“Prices are going down because demand for oil and gas is falling as countries brace for recession, coronavirus outbreaks in China threaten major financial disruption and drivers cut back on gas-guzzling as they try to save money to cover skyrocketing mortgage payments and stock market losses.”
“When [John Catsimatidis] talks about gas prices, he is more focused on what they could ultimately mean for another business in his multibillion-dollar empire, the one focused on developing real estate.”
“‘If we get the price down and it stays there, we could fix the problem of inflation and the Fed can stop raising interest rates and putting everybody out of business,’ Catsimatidis said.” READ MORE
The smallest businesses are laying off the most workers: “Some 305,000 workers lost their jobs in October at businesses with less than 10 employees, according to data released Wednesday by the Bureau of Labor Statistics. That’s up by 137,000 from the previous month. It was the biggest change in any of the firm-size categories broken out by the BLS. The job cuts at the smallest U.S. businesses were the most since May 2020 when the pandemic was forcing many of them to shut down.”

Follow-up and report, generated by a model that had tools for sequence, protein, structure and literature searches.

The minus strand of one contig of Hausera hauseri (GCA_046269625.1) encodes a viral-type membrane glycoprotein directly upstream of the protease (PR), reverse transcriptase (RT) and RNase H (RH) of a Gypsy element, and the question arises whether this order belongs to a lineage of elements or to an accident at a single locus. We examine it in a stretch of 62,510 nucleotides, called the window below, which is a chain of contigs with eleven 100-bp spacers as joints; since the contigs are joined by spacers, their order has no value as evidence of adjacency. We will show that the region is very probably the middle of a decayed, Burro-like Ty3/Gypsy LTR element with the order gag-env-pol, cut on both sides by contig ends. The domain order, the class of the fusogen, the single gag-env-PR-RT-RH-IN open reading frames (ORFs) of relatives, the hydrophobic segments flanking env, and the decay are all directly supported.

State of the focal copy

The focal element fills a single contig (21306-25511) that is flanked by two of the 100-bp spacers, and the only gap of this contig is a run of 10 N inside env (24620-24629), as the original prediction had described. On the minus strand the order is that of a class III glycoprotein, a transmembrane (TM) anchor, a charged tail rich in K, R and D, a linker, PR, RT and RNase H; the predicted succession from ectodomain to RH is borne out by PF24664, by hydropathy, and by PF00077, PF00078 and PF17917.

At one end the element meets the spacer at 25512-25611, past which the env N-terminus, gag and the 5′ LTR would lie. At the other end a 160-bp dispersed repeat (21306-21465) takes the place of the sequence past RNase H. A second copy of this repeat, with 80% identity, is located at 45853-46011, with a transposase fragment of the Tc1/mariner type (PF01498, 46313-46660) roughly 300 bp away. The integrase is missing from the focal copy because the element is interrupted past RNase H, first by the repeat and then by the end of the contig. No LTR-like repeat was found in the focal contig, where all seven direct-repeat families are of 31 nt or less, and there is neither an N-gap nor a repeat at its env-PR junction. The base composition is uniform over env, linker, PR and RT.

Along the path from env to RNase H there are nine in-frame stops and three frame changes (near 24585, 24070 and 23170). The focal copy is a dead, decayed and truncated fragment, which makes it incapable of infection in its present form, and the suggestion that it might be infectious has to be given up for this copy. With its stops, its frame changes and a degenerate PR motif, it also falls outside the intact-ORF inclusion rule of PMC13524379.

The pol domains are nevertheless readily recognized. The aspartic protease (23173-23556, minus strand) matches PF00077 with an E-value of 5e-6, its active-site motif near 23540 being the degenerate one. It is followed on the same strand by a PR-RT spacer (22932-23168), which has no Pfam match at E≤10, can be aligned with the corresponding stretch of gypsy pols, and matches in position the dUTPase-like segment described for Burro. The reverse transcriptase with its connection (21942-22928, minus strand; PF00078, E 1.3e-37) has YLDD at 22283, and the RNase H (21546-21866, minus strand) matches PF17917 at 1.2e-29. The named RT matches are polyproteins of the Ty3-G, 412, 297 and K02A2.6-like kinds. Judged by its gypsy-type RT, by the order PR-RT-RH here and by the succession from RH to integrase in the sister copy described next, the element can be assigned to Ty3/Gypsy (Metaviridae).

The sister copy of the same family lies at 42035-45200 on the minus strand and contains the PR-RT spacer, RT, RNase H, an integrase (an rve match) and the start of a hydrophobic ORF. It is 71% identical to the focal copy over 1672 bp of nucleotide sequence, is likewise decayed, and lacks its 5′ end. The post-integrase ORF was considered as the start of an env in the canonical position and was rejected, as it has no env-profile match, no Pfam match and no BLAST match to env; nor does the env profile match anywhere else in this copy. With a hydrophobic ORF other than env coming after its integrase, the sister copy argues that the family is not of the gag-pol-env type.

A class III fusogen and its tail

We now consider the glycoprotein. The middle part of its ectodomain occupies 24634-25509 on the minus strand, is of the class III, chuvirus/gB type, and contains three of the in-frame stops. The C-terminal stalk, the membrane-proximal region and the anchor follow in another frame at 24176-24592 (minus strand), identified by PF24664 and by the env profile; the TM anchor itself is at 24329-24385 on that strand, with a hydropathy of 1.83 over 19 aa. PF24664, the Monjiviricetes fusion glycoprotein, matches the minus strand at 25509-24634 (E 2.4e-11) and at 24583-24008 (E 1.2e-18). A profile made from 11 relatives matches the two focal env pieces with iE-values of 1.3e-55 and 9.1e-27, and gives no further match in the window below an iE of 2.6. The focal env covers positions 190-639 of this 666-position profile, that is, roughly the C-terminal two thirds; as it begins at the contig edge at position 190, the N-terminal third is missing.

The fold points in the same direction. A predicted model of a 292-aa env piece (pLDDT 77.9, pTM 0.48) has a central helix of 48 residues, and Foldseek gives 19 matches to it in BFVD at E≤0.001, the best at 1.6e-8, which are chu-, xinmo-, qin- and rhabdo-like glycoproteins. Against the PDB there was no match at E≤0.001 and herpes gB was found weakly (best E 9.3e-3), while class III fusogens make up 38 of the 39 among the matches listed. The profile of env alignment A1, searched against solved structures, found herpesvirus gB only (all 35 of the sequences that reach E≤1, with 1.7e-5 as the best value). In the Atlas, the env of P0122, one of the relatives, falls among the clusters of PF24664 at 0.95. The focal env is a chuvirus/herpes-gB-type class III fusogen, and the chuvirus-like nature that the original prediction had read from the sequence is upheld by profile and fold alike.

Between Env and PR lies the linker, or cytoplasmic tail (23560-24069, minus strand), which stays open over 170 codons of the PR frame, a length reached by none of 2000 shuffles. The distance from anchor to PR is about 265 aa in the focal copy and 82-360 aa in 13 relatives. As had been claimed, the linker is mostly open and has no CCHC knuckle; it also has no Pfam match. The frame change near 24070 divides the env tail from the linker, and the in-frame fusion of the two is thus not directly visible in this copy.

“Now, amid signs the economy is slowing, many firms are expected to try to hold onto their workers -- since it’s been a struggle to find talent since the pandemic hit.”
“But that’s harder for the smallest firms, which lack the financial buffers to absorb blows such as weaker consumer demand or higher borrowing costs.”
“Before the pandemic, more than 27.5 million people worked for firms with less than 20 employees. That number is now below 25 million, the latest ADP data shows. By contrast, every other category of firm by staff size has seen employment increase.” READ MORE
It’s legal to fire employees because of their weight: “People in larger bodies are 37 times more likely to report being discriminated against in hiring, performance evaluations, and promotions. On average, plus-size women earn 18 percent less than women with a ‘healthy weight’ BMI — and this pay gap is trending upwards. Harvard researchers found that anti-fat bias has increased by 40 percent since the early 2000s.”